A hymn for poor and wretched sinners (so, everyone).

I was in the middle of sermon prep when was pleasantly interrupted by these astoundingly evangelistic lines. They’re from a hymn by 18th century songwriter, Joseph Hart. May you, too, be enriched by them:

Come, ye sinners, poor and wretched,
Weak and wounded, sick and sore,
Jesus ready stands to save you,
Fully of pity join’d with power.
He is able, he is able, he is able;
He is willing: doubt no more.

Ho! ye needy; come and welcome;
God’s free bounty glorify;
True belief, and true repentance,
Ev’ry grace that brings us nigh;
Without money, without money, without money,
Come to Jesus Christ, and buy.

Let not conscience make you linger,
Nor of fitness fondly dream.
All the fitness he requireth
Is, to feel your need of him:
This he gives you, this he gives you, this he gives you;
’Tis the Spirit’s rising beam.

Come, ye weary, heavy-laden,
Bruis’d and mangled by the Fall,
If you tarry, ’till you’re better,
You will never come at all;
Not the righteous, not the righteous, not the righteous;
Sinners Jesus came to call.

View him grov’ling in the Garden;
Lo! your Maker prostrate lies.
On the bloody tree behold him:
Hear him cry, before he dies;
“It is finish’d! It is finish’d! It is finish’d!”
Sinners, will not this suffice?

Lo! th’ Incarnate God, ascended,
Pleads the merit of his blood.
Venture on him, venture wholly;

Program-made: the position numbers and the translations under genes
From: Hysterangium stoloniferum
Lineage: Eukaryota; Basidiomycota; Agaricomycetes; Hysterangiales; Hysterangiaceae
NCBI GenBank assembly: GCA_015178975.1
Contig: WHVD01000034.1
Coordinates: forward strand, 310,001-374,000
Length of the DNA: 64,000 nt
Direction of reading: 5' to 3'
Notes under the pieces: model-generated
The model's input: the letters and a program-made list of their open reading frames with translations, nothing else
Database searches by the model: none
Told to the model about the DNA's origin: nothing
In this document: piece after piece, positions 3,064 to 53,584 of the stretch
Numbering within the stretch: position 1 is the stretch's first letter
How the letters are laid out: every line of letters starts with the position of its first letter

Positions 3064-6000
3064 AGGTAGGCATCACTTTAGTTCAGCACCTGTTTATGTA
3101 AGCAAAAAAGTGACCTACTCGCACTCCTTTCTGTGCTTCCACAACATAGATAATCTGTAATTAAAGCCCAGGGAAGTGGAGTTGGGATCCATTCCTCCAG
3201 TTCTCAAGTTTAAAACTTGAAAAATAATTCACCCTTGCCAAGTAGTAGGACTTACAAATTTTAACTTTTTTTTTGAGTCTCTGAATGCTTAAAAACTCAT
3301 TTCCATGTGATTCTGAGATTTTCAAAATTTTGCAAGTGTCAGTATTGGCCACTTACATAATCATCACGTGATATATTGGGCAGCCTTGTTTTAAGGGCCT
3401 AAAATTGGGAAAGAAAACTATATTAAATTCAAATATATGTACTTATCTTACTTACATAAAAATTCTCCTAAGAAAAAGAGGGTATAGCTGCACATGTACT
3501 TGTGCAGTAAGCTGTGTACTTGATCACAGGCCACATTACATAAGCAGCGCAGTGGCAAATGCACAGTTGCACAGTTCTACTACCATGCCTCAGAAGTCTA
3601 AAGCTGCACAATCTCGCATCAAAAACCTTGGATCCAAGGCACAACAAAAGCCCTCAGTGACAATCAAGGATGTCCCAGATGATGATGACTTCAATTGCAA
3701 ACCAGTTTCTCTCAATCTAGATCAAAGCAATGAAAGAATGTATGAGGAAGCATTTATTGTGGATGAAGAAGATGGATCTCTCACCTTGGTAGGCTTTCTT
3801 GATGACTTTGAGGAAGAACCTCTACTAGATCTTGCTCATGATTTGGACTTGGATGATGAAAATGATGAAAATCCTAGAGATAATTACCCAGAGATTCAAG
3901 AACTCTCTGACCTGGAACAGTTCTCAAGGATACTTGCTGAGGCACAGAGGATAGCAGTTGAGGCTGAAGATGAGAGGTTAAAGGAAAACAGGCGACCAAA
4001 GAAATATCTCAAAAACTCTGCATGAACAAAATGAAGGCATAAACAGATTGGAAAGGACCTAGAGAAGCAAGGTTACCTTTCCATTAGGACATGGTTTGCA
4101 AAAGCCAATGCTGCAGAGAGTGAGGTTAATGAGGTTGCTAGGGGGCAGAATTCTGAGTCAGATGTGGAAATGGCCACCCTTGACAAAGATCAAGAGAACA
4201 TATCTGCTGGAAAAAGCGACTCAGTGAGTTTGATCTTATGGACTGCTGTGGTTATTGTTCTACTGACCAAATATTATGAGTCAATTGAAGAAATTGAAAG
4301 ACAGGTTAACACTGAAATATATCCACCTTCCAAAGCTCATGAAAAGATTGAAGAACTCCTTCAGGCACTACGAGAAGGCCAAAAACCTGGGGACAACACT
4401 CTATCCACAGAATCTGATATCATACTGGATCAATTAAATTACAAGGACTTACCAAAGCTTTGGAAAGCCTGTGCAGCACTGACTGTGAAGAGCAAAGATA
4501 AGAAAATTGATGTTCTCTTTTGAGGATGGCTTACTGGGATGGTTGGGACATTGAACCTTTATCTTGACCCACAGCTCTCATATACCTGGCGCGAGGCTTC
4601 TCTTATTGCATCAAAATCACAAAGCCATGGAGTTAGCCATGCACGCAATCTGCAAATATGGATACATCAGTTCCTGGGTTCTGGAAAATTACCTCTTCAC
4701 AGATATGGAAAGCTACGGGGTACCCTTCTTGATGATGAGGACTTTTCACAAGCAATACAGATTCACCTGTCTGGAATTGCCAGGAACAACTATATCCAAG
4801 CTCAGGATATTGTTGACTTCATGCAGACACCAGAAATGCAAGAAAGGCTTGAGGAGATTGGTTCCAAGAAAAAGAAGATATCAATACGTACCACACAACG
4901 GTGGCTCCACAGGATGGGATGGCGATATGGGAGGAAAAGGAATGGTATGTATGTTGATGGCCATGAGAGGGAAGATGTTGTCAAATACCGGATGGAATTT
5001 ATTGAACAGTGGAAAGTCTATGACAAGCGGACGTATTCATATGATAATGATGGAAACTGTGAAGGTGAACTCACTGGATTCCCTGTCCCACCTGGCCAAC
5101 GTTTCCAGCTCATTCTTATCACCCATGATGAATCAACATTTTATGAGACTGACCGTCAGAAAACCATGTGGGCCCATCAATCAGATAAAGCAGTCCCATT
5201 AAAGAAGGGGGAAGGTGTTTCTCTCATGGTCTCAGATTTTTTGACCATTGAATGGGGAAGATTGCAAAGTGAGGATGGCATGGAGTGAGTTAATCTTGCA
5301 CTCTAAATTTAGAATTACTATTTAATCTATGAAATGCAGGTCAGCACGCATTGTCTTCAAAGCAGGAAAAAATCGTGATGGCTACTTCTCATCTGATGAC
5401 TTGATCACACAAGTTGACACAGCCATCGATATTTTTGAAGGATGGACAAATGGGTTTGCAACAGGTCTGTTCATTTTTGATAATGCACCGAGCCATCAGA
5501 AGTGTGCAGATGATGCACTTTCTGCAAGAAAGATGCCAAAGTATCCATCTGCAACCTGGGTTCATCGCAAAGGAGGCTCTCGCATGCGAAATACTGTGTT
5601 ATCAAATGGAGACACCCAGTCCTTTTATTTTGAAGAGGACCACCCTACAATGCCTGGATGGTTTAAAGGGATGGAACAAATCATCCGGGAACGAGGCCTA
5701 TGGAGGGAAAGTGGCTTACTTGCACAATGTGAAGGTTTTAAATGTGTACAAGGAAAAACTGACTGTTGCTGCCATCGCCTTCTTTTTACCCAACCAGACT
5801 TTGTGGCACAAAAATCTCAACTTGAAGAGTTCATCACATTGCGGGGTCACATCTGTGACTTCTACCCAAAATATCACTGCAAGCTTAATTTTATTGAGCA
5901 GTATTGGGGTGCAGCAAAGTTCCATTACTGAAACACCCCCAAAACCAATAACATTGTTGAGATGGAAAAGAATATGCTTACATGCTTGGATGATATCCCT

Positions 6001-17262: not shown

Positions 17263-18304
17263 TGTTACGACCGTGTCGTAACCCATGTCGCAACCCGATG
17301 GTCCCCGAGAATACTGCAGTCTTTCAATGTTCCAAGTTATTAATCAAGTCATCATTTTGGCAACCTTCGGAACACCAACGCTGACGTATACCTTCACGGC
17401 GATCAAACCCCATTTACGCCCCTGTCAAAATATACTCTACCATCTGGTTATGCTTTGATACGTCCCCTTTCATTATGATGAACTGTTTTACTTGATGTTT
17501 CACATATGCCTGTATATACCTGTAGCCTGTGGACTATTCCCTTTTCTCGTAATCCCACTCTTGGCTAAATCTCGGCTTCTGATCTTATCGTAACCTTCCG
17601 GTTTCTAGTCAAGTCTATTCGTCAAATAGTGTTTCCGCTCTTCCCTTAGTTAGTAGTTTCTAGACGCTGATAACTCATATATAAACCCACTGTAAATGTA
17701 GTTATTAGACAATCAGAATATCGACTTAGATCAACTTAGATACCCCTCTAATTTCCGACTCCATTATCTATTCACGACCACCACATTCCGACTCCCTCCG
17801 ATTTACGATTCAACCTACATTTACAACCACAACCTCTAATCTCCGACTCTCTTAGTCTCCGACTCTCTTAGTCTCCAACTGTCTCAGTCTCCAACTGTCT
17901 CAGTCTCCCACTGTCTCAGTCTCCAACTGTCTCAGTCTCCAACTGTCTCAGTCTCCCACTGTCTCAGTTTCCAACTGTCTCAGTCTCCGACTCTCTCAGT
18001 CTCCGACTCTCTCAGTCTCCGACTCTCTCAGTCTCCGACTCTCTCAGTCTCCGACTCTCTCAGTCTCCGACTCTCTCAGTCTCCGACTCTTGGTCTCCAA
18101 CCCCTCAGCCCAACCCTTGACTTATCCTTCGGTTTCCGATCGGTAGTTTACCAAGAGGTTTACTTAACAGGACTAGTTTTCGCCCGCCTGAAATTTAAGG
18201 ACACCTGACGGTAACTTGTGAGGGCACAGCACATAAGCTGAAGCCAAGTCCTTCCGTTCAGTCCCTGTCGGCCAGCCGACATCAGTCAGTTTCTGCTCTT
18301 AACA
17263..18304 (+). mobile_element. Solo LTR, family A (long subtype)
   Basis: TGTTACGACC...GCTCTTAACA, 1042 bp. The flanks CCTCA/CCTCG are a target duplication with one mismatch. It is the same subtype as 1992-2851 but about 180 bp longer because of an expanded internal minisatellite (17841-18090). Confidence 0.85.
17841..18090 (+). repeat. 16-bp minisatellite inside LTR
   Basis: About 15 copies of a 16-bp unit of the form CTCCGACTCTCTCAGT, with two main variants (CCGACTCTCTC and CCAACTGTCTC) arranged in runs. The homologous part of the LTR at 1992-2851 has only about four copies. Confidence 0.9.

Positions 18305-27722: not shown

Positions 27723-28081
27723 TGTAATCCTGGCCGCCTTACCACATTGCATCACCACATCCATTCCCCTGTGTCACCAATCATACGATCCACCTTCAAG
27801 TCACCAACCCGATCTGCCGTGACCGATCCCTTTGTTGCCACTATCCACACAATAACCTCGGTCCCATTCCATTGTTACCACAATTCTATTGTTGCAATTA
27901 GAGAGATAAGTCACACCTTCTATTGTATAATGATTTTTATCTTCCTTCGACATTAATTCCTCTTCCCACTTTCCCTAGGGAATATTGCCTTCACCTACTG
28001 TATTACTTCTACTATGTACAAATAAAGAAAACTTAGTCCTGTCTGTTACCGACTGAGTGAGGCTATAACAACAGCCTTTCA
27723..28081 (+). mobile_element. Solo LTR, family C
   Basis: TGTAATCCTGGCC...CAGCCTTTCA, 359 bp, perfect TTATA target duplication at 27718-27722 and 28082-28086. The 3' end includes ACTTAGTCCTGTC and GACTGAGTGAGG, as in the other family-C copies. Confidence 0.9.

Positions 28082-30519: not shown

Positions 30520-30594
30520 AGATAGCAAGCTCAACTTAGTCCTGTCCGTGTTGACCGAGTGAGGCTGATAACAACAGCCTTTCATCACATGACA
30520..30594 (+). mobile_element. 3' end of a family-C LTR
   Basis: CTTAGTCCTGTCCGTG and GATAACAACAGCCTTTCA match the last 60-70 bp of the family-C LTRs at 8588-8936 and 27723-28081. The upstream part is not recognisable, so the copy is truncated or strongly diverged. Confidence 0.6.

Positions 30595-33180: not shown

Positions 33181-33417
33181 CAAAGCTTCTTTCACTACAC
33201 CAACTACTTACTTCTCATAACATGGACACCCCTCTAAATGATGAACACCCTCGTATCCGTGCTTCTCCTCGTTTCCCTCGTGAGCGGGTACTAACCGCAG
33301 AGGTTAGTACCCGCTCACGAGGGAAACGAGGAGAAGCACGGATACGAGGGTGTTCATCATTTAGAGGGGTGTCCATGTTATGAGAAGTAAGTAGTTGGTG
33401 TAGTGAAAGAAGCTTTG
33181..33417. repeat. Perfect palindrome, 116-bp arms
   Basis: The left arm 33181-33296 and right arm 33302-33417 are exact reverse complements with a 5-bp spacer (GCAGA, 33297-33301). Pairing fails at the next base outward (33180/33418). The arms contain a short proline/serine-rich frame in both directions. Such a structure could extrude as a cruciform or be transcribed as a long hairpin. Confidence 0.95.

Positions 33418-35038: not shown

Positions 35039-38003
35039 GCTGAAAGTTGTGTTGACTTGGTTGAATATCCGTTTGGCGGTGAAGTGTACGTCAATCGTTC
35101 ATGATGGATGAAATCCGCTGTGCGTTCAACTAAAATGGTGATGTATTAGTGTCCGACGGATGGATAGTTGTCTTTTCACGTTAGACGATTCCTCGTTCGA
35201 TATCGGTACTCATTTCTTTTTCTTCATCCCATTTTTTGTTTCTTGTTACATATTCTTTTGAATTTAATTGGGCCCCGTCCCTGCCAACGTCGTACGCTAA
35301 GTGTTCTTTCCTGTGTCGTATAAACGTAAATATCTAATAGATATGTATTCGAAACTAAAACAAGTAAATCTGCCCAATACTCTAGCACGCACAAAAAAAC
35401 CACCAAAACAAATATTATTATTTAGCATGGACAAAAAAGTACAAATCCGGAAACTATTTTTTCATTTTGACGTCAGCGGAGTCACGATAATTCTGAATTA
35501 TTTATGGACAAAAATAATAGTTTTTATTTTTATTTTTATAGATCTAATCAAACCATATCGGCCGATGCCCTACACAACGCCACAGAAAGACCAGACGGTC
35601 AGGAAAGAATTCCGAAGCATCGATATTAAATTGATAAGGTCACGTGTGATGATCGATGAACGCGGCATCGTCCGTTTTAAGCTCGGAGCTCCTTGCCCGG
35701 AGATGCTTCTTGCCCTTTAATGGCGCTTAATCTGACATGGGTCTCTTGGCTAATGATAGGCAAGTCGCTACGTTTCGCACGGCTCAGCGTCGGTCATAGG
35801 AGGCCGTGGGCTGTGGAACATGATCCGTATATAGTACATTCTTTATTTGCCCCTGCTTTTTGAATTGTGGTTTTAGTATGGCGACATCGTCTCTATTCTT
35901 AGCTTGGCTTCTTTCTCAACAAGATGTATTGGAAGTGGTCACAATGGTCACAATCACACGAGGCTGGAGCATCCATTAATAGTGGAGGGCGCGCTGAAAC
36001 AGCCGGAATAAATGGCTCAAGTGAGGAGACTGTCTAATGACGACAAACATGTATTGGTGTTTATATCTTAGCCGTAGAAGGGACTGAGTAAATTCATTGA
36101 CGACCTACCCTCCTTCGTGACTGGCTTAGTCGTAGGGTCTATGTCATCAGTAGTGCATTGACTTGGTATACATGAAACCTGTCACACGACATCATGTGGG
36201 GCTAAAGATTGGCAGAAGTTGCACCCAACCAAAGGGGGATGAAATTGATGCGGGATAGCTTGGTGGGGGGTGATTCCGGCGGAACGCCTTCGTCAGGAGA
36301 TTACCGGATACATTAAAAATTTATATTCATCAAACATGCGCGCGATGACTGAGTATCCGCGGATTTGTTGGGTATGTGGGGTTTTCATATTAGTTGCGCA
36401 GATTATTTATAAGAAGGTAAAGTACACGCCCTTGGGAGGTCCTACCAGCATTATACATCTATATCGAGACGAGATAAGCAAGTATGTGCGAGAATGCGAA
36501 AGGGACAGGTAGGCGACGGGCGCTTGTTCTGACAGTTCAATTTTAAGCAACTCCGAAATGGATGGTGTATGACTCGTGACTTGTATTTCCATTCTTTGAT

Let not other trust intrude.
None but Jesus, none but Jesus, none but Jesus,
Can do helpless sinners good.

Saints and angels join’d in concert,
Sing the praises of the Lamb;
While the blissful seats of heaven
Sweetly echo with his Name.
Hallelujah! Hallelujah! Hallelujah!
Sinners here may sing the same.1

These lines are brimming with gospel-truth. Each stanza deserves my deep consideration. I am made to think of such references as Isaiah 55:1–3, Mark 2:17, Luke 5:31–32, Luke 19:10, among several others. Such, I think, is what good hymns do: they conjure Scripture to bring to your mind the far-reaching truth and never-ceasing love of the Savior. I am the Lord’s because I have been redeemed wholly on account of my prostrate Incarnate God, who descended into the depths of my sin in order to bring me up to the heights of his righteousness. Praise the Lord, I am welcomed by “none but Jesus.”


Joseph Hart, Hymns, &c. Composed on Various Subjects (London: H. Trapp, 1777), 133–34.